Date of Graduation

Fall 2019


Master of Science in Plant Science (Agriculture)


College of Agriculture

Committee Chair

Chin-Feng Hwang


black walnut, anthracnose, Gnomonia leptosyla, cultivar, resistance

Subject Categories

Agricultural Science | Forest Sciences | Genetics and Genomics | Pathogenic Microbiology | Plant Breeding and Genetics | Plant Pathology


Black walnut anthracnose, caused by Gnomonia leptostyla, is the most widespread and destructive disease affecting black walnut trees (Juglans nigra). Breeding cultivars for a higher resistance to anthracnose is a natural and efficient strategy for improving the health and production quality of black walnut trees. The two goals of this study were to reveal that the ‘Sparrow’ cultivar of black walnut contains a significantly higher resistance to anthracnose than the ‘Football’ cultivar when separated from environmental factors, and to expand the ‘Football’ × ‘Sparrow’ F1 mapping population to evaluate how the trait of resistance is inherited in the progeny. A phenotypic assay was conducted under laboratory conditions using an ascospore inoculum to study the difference in symptom severity between two cultivars of black walnut named ‘Football’ and ‘Sparrow.’ The fungal suspension was used to artificially infect healthy ‘Football’ and ‘Sparrow’ leaflets to measure and compare the symptomatic responses over the course of thirteen days. The difference between the two cultivars was significant at eleven days post-inoculation with a p-value < 0.0001 as the leaflets from ‘Football’ averaged 15.1% diseased surface area while the ‘Sparrow’ leaflets had an average of only 1.2% diseased surface area. However, the most significant difference was seen at thirteen days post-inoculation as the ‘Football’ leaflets averaged 31.5% diseased surface area and the ‘Sparrow’ leaflets had an average of only 3.2%. The difference in susceptibility between the two cultivars confirmed a significant resistance to anthracnose in the ‘Sparrow’ cultivar compared to the ‘Football’ cultivar. To increase the F1 mapping population, hybrid identification was performed utilizing DNA markers which resulted in a total of 52 hybrids added to the mapping population in 2019. A preliminary phenotyping procedure was applied to the existing ‘Football’ × ‘Sparrow’ F1 mapping population which provided promising segregation for the trait of resistance to anthracnose.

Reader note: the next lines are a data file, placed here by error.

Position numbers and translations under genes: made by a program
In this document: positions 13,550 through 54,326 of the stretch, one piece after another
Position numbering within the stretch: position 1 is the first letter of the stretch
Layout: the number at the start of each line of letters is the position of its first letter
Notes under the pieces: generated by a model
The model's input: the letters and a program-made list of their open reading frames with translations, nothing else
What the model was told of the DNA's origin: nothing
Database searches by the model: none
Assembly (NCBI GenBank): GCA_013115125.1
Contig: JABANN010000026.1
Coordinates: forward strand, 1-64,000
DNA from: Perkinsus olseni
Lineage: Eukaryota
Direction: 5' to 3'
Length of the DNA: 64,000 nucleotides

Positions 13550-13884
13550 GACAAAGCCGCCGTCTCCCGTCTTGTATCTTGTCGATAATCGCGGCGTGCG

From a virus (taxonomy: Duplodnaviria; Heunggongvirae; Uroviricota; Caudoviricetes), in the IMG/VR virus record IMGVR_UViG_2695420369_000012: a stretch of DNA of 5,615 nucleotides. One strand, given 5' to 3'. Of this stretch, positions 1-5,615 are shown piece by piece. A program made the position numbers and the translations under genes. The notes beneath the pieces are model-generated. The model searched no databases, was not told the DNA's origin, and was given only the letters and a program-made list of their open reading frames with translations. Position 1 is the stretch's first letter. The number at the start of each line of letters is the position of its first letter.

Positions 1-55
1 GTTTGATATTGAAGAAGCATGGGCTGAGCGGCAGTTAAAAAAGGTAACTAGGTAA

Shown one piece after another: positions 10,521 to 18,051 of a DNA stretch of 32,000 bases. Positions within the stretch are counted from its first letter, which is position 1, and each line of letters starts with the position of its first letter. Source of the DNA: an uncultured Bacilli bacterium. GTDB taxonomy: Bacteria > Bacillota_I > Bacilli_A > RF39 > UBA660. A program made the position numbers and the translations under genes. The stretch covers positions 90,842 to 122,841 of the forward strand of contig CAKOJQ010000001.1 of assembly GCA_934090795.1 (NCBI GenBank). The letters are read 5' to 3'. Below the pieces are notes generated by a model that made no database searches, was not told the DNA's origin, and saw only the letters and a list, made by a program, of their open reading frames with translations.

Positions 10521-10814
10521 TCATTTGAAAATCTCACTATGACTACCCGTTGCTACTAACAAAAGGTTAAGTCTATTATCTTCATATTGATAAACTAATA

© Sadie D. Land

Open Access